In October 1951, Loren had the opportunity to go back to Eau Claire on leave. His brother John was then in high school and a member of the local Rod and Gun Club. As such, he had been given a dozen full-grown male pheasants to be placed in some appropriate wild spot. He selected a “swamp” location where he and Loren had often hunted with their father. That area had a few native pheasants but not many. When Loren suggested going pheasant hunting while on leave, John took him to the swamp without telling him about the 12 birds he had inserted there. Needless to say, they had the best pheasant hunting either had ever had, going back the second day to again get their “limit.” Loren never knew the origin of the pheasants in that area, but John recalls it was certainly the highlight of his last leave in his hometown.

Loren and Helen had a second child, son Loren, Jr., at Fort Riley on 19 February l951. With the Korean War already underway for 20 months, Loren was anxious to get over there to get combat experience. In May 1952 he got his wish, with orders to Korea with a stop at Fort Benning, Georgia, at the Infantry School en route.

When Loren arrived in Korea, he was scheduled to become company commander of the Heavy Mortar Company of the 38th Regiment of the 2nd Infantry Division. At that time the 38th Infantry was on the right flank of I Corps and was in the process of defending the Old Baldy outpost against an attack by an estimated Chinese battalion reinforced with tanks. This action took place on 18 September 1952, the day the S-l of the 38th, Paul Wheaton (USMA '45) picked up Loren at 2nd Division Headquarters and took him to the headquarters of the 38th Infantry. On the l8th, Loren received his orientation, met the staff and dined with the regimental commander. The next morning Loren was picked up by the outgoing commander of the Heavy Mortar Company who had jeeped back from his CP. The jeep with the new and old commanders headed back to the company CP and was traveling on the main supply route behind a mountain out of direct vision of the front. A Chinese artillery round struck the jeep and Loren was killed instantly. He was survived by his wife, daughter Barbara, son Loren, Jr., his mother, sister and brother.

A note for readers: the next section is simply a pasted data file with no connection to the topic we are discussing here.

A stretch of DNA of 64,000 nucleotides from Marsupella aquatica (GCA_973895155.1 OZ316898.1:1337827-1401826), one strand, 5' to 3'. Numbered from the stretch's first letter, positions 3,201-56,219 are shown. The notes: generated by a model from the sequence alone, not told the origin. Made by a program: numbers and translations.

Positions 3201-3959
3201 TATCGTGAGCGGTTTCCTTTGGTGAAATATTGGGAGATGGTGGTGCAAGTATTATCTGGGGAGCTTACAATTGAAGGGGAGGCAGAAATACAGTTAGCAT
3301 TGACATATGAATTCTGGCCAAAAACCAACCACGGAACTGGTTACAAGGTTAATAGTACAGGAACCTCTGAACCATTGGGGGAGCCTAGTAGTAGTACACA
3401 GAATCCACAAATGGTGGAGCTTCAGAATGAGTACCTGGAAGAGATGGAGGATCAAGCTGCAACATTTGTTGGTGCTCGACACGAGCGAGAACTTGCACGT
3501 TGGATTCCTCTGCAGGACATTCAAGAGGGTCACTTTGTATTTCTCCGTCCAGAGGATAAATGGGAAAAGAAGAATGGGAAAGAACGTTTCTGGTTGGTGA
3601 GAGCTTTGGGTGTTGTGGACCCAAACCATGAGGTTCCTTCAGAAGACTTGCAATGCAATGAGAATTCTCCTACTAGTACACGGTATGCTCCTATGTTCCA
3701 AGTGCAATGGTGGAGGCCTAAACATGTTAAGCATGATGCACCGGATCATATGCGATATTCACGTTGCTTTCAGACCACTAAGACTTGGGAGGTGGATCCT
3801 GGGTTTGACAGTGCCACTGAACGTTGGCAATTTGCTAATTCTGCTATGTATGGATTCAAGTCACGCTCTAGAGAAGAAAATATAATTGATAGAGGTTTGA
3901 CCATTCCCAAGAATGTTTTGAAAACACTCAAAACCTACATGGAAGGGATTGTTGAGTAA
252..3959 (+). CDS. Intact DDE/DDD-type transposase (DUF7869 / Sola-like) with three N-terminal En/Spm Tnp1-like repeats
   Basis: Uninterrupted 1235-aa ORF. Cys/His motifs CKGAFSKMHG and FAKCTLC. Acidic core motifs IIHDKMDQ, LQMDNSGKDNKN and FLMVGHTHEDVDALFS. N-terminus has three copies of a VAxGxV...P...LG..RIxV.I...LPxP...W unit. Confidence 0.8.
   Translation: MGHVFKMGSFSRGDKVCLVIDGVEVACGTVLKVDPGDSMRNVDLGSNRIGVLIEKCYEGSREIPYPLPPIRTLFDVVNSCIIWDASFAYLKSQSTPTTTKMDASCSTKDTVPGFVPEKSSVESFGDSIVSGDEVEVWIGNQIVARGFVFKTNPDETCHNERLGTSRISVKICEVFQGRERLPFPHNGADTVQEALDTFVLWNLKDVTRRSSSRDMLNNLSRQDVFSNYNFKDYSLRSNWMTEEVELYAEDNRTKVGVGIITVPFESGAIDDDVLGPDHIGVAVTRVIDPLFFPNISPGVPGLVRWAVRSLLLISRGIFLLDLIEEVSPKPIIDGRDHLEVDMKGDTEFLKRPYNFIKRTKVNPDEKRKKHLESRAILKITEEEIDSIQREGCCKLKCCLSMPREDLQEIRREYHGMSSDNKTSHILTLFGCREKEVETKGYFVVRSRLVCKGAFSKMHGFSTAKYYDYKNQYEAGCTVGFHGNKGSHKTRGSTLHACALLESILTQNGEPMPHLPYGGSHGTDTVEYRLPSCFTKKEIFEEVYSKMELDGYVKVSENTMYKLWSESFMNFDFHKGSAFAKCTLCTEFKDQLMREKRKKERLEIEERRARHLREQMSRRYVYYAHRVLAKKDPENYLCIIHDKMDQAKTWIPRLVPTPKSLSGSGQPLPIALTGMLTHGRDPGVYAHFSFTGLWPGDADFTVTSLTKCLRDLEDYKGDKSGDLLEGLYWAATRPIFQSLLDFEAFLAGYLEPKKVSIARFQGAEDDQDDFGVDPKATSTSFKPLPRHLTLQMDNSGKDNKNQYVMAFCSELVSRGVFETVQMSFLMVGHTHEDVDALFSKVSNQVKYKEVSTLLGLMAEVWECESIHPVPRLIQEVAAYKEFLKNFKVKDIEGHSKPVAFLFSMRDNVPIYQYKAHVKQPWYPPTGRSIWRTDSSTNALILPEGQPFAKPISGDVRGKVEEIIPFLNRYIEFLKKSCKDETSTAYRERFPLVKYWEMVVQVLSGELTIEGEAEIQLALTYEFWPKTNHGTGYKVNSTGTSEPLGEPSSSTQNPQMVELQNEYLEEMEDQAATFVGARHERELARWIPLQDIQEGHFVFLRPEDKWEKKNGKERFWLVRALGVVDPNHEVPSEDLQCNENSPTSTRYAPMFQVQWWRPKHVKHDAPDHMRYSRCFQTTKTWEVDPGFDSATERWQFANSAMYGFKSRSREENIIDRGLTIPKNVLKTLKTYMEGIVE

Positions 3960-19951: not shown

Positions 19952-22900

Loren DuBois was a person everyone liked. His friendly, easygoing personality made it easy for him to make friends. He loved his young children and was a wonderful father to them. A bright young officer, Loren loved the Army and wanted to be the best he could be as a troop leader. He had so much to offer to the Army and to his country. He lived his short Army life by the ideals of West Point; Duty, Honor, Country were his guideposts as he met the challenges confronting a young Infantry officer. The memory of Loren George DuBois will forever remain with his family, friends and classmates. It is fitting to say, “Well Done Loren, Be Thou at Peace!”

'46 Memorial Article Project and his wife Helen.